A summer luncheon connects high school students with college interns to gain insight into the…
Hang up on Hookup Culture
Hang up on Hookup Culture
By Danielle Edwards
College campuses are cesspools for hooking up. Student Life offices and dorms often fund suggestive, and often cringey, sex-ed programs and activities to normalize conversations about sex positions, multiple partners and sexual exploration, and preach to freshman boys and girls that one-night stands are a gateway into adulthood. And as a young student who has only seen college through the lens of Hollywood movies, if everyone’s doing it, shouldn’t you?
However, as an institution packed with the Left’s so-called “social justice warriors” and feminists, isn’t it ironic that the “my body, my choice” campaigns and the “live in the moment, deal with the consequences later” mentality disproportionately hurts women? I guess colleges haven’t done their homework.
Hookup culture has led to the increase of sexual assault on colleges campuses. As young girls feel pressured to fit into the status quo and go home with the guy, guys fall under the impression that she’s “just another girl” and it’s “what she wanted” too.
The movement to pressure young girls to “free” their bodies has actually held them victim to the hands of hookup culture.
So, what is “hooking up”?
The Huffington Post stated that 94 percent of people have no clue what “hooking up” means. It could be anything from kissing to oral sex to intercourse, depending on who you ask. The highlighted study showed that young men favored hooking up more than young women and admit to it more. Only 45 percent of young women admitted to hooking up at least once in the past year. The men? 63 percent.
As a young student surrounded by new phrases and slang developing every day, sometimes Urban Dictionary has the quickest, most generational definition. They state, “any form of getting some type of action, such as, making out, feeling things, oral sex, or sex between two people. A ‘hook up’ is what’s referred to as doing those things when you’re not going out with anyone.”
Hooking up is intentionally a loose definition to avoid commitment with the person. But remember the movie, “No Strings Attached?” Sometimes the whole “no commitment” thing isn’t as “cool” as it seems.
Why this matters for girls:
The Center for Conservative Women’s resourceful booklet titled, “Sense and Sexuality,” shares that 91 percent of young girls admit to having feelings of regret immediately after hooking up. They feel used and guilty — 80 percent even wish it never happened and that same number say they felt vulnerable. These girls, despite saying they didn’t want emotional involvement, want to know that the person they were with cares about them.
Why do colleges and the mainstream feminist movement encourage young girls to believe sex doesn’t come without potential consequences? Aside from how hook-ups make women feel, there are also many health risks circumstantial to the culture. For example, STI rates have continued to increase among young adults.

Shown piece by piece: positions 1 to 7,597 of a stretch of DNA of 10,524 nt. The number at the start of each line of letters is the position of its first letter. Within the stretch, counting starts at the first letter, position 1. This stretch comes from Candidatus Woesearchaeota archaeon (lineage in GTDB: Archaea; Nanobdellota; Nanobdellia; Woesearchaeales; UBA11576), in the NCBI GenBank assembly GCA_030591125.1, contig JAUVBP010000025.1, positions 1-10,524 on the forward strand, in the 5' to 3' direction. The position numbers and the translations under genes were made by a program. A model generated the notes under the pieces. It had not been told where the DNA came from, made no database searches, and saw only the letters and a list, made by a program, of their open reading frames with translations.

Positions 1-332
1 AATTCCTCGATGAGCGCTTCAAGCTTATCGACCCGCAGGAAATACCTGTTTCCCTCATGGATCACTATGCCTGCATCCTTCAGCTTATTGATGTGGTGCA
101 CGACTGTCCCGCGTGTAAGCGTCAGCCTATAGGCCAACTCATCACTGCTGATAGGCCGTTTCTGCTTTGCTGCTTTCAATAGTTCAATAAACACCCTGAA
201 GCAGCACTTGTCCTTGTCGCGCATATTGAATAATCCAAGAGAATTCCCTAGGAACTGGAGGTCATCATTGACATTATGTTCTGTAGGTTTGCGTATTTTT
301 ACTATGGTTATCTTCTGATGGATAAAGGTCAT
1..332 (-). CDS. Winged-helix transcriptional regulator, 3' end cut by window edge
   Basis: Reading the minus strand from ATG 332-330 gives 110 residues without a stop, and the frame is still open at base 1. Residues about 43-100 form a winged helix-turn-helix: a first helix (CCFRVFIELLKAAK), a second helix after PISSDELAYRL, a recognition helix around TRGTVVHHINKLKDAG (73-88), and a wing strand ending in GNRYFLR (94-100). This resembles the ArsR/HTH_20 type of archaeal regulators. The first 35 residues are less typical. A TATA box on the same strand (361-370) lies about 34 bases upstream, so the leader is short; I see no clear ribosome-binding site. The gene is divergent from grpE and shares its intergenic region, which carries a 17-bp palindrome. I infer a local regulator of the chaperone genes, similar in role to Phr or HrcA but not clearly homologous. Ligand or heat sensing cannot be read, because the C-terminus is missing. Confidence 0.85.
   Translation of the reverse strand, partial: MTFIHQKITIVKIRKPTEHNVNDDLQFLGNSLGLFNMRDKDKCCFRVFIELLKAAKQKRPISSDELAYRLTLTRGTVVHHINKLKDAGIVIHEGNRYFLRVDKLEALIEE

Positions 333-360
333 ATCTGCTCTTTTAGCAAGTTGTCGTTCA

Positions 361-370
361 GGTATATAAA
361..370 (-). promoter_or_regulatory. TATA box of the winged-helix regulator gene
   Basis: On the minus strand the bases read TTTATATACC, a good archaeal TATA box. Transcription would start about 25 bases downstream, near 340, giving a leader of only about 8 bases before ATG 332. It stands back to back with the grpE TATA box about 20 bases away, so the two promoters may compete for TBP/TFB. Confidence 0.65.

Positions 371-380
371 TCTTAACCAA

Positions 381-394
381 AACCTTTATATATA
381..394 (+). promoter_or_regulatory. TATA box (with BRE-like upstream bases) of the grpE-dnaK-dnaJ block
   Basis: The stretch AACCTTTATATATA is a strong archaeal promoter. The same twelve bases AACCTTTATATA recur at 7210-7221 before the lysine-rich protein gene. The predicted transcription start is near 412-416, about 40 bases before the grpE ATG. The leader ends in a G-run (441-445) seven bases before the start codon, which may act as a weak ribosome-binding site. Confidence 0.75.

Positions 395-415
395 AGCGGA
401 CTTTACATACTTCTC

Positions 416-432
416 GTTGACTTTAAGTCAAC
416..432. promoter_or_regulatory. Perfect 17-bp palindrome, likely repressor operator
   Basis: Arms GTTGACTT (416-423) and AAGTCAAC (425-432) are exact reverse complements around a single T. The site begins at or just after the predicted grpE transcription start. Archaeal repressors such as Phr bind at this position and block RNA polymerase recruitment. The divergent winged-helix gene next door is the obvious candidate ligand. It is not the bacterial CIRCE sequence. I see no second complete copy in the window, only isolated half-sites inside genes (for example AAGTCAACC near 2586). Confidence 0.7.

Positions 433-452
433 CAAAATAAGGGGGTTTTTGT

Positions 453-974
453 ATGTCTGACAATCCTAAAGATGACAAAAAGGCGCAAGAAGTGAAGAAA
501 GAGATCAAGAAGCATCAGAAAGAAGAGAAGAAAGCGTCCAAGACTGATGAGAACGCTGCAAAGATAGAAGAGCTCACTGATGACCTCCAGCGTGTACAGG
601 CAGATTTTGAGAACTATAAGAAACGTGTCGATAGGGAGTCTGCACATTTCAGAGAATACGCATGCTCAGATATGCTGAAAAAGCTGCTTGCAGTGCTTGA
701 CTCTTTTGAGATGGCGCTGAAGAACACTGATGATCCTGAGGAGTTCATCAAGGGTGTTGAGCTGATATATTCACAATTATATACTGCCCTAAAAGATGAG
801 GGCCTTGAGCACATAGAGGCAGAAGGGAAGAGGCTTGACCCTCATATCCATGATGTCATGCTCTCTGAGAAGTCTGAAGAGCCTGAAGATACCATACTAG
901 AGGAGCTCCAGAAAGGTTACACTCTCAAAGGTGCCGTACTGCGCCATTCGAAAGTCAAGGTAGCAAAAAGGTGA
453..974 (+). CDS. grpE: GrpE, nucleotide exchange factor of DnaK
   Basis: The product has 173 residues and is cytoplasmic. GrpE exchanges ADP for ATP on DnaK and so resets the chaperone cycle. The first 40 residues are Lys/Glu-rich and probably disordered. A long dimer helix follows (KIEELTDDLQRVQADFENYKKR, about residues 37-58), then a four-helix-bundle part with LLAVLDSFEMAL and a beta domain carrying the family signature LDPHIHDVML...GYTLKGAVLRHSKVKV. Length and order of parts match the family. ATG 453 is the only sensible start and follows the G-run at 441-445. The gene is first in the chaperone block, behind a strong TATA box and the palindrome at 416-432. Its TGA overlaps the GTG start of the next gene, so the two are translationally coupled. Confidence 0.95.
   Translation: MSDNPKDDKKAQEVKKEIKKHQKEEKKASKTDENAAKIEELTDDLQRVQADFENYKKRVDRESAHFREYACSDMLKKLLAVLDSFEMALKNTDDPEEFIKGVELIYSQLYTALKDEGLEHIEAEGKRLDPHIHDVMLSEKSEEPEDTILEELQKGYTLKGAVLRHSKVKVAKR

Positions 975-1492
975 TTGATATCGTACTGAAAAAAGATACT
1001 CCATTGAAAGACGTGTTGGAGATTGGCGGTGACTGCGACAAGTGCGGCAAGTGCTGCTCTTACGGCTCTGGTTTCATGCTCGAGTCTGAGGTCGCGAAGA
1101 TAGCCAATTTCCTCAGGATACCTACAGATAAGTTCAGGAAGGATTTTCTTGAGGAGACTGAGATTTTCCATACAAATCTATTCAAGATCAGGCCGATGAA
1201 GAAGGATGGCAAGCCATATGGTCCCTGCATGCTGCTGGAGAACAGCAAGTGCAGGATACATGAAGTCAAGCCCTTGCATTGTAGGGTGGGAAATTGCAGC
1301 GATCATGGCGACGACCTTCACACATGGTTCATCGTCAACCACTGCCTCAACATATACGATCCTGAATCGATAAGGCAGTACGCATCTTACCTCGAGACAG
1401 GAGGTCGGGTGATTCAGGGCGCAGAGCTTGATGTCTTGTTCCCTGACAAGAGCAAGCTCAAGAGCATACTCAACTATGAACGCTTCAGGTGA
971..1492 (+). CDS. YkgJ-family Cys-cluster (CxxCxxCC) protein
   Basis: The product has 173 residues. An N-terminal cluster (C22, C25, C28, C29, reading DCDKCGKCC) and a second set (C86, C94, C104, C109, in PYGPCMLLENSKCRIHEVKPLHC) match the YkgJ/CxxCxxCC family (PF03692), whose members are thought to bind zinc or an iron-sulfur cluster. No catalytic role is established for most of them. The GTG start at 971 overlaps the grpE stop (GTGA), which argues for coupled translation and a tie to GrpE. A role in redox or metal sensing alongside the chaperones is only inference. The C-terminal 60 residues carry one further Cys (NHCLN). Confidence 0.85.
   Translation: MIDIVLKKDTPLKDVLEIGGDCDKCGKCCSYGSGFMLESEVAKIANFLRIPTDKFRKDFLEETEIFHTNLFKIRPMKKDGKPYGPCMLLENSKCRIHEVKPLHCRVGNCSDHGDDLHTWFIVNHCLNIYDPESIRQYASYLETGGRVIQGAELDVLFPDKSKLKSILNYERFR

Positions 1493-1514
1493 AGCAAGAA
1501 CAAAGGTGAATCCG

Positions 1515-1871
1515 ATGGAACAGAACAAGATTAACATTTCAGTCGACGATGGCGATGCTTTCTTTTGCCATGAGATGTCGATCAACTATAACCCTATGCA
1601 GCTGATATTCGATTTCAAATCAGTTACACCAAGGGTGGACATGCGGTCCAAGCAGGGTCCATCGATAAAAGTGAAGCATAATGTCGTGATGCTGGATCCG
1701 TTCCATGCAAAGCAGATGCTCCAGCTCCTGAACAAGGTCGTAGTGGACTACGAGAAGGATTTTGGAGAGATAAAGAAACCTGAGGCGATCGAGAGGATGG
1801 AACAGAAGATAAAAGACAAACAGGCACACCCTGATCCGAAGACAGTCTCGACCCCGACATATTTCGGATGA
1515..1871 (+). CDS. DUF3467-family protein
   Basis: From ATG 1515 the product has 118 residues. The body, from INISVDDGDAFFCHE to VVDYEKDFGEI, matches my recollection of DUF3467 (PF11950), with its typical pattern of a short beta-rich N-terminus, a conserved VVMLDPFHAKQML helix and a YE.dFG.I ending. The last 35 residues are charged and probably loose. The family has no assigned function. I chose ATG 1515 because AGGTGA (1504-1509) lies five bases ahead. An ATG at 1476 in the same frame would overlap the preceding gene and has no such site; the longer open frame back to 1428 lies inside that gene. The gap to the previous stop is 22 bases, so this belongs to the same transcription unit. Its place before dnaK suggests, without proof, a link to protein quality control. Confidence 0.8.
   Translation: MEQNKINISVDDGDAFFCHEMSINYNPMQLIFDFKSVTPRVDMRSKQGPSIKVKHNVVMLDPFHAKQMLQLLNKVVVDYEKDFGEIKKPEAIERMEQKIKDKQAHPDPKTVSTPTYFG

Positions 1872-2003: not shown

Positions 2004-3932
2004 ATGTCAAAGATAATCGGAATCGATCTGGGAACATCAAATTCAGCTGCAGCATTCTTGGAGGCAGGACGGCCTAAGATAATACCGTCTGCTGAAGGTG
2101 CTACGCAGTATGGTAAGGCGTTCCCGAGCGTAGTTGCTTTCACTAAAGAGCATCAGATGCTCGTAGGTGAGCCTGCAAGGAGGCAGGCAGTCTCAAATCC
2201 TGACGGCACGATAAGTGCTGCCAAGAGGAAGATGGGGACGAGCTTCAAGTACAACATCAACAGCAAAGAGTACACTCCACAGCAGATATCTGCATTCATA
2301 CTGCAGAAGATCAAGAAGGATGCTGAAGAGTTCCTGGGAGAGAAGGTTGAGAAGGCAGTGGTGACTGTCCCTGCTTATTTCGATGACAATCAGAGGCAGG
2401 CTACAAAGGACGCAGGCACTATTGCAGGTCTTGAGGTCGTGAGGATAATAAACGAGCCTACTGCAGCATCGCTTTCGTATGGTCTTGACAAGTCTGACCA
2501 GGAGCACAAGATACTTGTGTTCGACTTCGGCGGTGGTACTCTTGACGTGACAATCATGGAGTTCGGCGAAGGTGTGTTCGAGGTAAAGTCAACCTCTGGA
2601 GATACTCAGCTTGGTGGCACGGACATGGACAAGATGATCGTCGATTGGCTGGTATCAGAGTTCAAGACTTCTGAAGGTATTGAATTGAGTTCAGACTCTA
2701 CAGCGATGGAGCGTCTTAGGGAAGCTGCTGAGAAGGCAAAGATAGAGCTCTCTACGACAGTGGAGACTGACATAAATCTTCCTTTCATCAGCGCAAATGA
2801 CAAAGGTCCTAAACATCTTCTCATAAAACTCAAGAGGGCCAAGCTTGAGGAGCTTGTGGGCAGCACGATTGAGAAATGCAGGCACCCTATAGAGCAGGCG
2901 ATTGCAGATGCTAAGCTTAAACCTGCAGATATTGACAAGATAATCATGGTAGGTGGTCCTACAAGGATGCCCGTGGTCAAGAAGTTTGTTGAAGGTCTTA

Since 2013, the Center for Disease Control has seen an increase of syphilis (infections?) by 76 percent, gonorrhea 67 percent, and chlamydia 22 percent. Contracting an STI is a risk when pursuing any sexual relations. Hookup culture escalates this by encouraging individuals to constantly get with multiple partners, while knowing virtually nothing about their health.
It’s hard taking the mainstream feminist movement seriously when it doesn’t seem as though they have women’s best interests at heart. Looking at the statistics alone, it’s clear hookup culture hurts women with the high risk for STIs, chance of unwanted pregnancy, feelings of regret, and feelings of guilt have shown to affect women more, and often more seriously in regards to their health.
If we want to raise up and support fellow sisters and empower girls, we should encourage them to make decisions benefiting them and praising their self-worth.
The Left parades hookup culture as “sexual liberation” and, as long as she can live with herself after making such decisions, we shouldn’t ask questions and just let her be. But this celebration is dangerous. We’ve all been in a place where we’ve kept a friend around that we knew would support even our worst decisions. But it’s time to grow up. There are serious consequences that stem from decisions we make, especially hooking up with a stranger. Find the friend and support the movement that tells you the truth and values your health and self-worth.
As another college woman taught by the Left on campus that hookup culture is normal – and “beneficial” – it can be hard to reject what you’re told and jump off the bandwagon.
Despite pressure from your peers, or expectations from men and the college climate, you do not need to give in to a culture full of negative emotional and physical consequences.
If you’d like to get tested for an STD, here’s a helpful link to find a location near you. If you’ve caught yourself stuck in this culture, it’s not too late to create a new path.
If you’d like a “Sense and Sexuality” guide, you can find it here.